Geeveston



A small timber milling and apple growing town, Geeveston is the gateway to the rugged Hartz Mountains National Park. Some of the tallest hardwood trees in the world (up to 95 m high) grow here. Geeveston is also the stepping off point for the Tahune AirWalk and cruises on Port Huon.

Australian Paper Mills pulp mill at Hospital Bay was opened in 1962 and its deep sea wharf is capable of loading two ships simultaneously.

Where Is it?: 62 km south west of Hobart, 12 km west of Cygnet, in the Huon Valley.



The Forest & Heritage Centre, which details the history of the timber industry in the area, is located in Geeveston. Outside the Centre is one of many chainsaw-crafted statues of some of the region's memorable personalities dotted around town. A sportsman who has been honoured this way is dual silver-medal winning Olympian, rower Simon Burgess.



The town's most overt symbol (it is impossible to miss as you drive through town on the Huon Highway) is the huge trunk of a Swamp Gum (eucalyptus regnans) logged in Arve Valley on 10 December 1971. A sign on the side of the trunk proudly declares that the length is 15.8 m, the girth 6.7 m, it weighs 57 tonnes and its volume 56.7 cubic metres.


Kermandie is a southern area ofGeeveston that runs along the side of the Kermandie River. The name preserves the name of Huon Kermandec, second in command of the expedition in 1792 by the French Admiral Bruni D'Entrecasteaux.

Surrounding Area


Castle Forbes Bay

Geeveston lies to the south of Franklin on the western bank of the Huon River. Huon Highway provides road access to Geeveston and the Lower Huon region to the south. On its way it passes through the small settlement of Castle Forbes Bay, built around the bay after which it is named.

Built in 1928 as the local schoolhouse, Castle Forbes Bay House is a delightfully informal guest house is situated right on the banks of the majestic Huon river, amidst the picturesque apple orchards that gave Castle Forbes Bay its world famous reputation as the home of the Huon Apples. In 1856, James Reid, a pardoned convict, planted the first apple trees at Honeywood, now Castle Forbes Bay. Reid Fruits, the business which grew from Reid's early plantings, still operates though it has relocates to the Derwent Valley as part of a move from predominantly growing apples to growing cherries.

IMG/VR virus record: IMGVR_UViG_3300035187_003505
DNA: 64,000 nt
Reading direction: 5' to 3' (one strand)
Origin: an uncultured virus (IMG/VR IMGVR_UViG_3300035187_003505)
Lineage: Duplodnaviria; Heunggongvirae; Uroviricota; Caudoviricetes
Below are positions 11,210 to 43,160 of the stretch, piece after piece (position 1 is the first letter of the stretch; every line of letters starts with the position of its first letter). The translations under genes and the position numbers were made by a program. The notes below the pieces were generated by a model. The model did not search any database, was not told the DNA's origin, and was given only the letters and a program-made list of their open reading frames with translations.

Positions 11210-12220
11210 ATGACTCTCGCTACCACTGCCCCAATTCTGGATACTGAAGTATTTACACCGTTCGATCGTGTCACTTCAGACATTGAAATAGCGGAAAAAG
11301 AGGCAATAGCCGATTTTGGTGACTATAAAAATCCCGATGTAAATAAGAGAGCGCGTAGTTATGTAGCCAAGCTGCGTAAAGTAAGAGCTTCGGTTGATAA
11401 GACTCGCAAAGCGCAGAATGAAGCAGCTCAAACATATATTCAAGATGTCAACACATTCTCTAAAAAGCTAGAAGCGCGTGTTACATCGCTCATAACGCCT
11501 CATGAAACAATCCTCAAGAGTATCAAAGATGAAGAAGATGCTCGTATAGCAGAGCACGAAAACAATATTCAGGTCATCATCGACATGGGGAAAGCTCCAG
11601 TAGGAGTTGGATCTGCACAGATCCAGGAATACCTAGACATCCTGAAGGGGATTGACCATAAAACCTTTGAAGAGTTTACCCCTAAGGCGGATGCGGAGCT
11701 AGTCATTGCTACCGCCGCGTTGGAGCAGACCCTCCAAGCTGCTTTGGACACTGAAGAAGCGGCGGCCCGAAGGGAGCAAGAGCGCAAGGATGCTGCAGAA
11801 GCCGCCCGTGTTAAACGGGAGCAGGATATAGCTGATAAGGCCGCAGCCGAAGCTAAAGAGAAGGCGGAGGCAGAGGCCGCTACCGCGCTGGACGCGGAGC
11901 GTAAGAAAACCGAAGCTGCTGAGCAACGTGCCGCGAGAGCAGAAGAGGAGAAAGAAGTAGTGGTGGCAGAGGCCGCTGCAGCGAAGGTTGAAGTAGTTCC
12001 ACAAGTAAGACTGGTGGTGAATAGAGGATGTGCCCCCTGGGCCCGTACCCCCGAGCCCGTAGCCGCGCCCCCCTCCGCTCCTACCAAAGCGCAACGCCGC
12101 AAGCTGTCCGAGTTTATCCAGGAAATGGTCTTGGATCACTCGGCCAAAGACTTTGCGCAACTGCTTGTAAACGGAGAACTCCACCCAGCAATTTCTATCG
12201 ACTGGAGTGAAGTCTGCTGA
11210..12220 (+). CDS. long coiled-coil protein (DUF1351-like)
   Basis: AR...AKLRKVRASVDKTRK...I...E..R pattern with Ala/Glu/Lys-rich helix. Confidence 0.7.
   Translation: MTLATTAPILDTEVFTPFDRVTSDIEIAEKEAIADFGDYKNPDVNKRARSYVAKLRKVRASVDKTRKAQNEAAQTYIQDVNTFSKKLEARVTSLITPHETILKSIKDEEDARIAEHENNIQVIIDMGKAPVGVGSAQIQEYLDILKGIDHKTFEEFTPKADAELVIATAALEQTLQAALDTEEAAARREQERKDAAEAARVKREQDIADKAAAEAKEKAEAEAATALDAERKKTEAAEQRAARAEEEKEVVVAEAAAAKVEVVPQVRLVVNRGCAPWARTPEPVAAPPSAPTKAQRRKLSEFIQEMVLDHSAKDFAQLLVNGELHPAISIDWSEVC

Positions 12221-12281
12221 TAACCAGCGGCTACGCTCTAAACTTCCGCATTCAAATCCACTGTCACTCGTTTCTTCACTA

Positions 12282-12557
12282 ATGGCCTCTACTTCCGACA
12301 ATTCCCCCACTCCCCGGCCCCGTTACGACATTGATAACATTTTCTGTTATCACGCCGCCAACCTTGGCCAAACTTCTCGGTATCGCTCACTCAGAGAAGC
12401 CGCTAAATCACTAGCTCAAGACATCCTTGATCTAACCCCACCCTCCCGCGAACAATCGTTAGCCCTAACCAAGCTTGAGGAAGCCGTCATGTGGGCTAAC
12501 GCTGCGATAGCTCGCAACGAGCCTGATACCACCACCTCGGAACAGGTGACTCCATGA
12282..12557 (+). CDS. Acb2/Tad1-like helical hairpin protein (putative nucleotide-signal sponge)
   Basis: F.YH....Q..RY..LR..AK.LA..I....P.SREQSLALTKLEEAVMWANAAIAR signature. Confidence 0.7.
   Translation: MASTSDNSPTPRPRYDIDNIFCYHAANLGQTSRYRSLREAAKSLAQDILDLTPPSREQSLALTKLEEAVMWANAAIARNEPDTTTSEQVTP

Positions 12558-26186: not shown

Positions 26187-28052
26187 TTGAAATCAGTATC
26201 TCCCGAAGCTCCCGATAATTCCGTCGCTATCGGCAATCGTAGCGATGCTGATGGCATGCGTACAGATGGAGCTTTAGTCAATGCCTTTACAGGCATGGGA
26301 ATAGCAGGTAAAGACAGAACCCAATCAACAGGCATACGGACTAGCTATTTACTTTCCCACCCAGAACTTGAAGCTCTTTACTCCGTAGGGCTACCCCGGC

Castle Forbes Bay was named after the sailing ship Castle Forbes, 440 tons register, launched in 1818 from building yard of Robert Gibbon & Sons, Aberdeen, Scotland. The ship was named after Castle Forbes, an historic castle that was (and still is) located in Aberdeenshire, and is the seat of the Forbes clan.

Although the ship was designed for the Indian trade, she was later used as a convict transport to Australia. In 1836, she was used to convey Irish free immigrants to Van Diemen's Land, bound for Hobart. Whilst sailing up d'Entrecasteaux channel, the mouth of the Huon River was mistaken for the mouth of the Derwent River near Hobart, and the ship sailed by mistake up the Huon River. Having passed what is now Port Huon, the ship encountered rapidly shoaling water, and the ship's draft made it impossible to proceed further. The passengers disembarked, and the bay was named after the ship - hence the name Castle Forbes Bay.

In later years, the properties around Castle Forbes Bay were all apple orchards - leading to Tasmania being known as 'The Apple Isle'. With the British entry into the European Common Market in the 1960s, apple orchards on this scale became uneconomic, and agriculture became more diverse. The Huon valley is now home to a thriving variety of rural pursuits, including vineyards, berry farms and orchards. The early immigrants who disembarked from the Castle Forbes in 1836 would be amazed to see what has happened in the valley over the last two centuries.



Port Huon

Just a few kilometres north of Geeveston where the Kermandie River enters Hospital Bay is Port Huon, which was once the most important port in the district. Shipwrights Point and Whale Point on opposite sides of Hospital Bay, give an indication of some of the industries that were once based here. Port Huon became a busy trading port and the destination for international apple boats that transported and exported the region's famous apples to the world. The development of containerised shipping and the reduction in timber exports has resulted in its decline.



The original port remains and is a quaint reminder of the glory days of apple growing. Today, Port Huon is a departure point for boat cruises up the Huon River. It's also a great place to stop and take in the views. The Kermandie Hotel has been providing food, drink and a rest stop for travellers since 1932. The hotel also has its own marina - perfect for boating types to rest their vessels.






Hartz Mountains National Park
Hartz Mountains National Park is a window into the south-west wilderness, offering views of remote mountain ranges as far as the southern coast. As well as spectacular views of a landscape which has been shaped by glaciers during past ice ages, the park offers a variety of unique features. Waterfalls tumble off the dolerite range that runs through the centre of the park and small glacial lakes dot the plateau. The park contains a wide variety of vegetation from wet eucalypt forest and rainforest through to alpine heath on the exposed mountain tops.

The park was included in Tasmania's Wilderness World Heritage Area in 1989, in recognition of its spectacular natural and cultural values. Take your time and enjoy short strolls out to the glacial lakes in the area, or try the more challenging walks up to the range top. Its highest point, Hartz Peak (1255 m), provides panoramic views into the heart of the southwest.

Wildlife: Most animals in the park are nocturnal, however echidnas and platypus are sometimes observed during the day. In the evening Bennetts wallabies, Tasmanian pademelons and brushtail possums are often seen.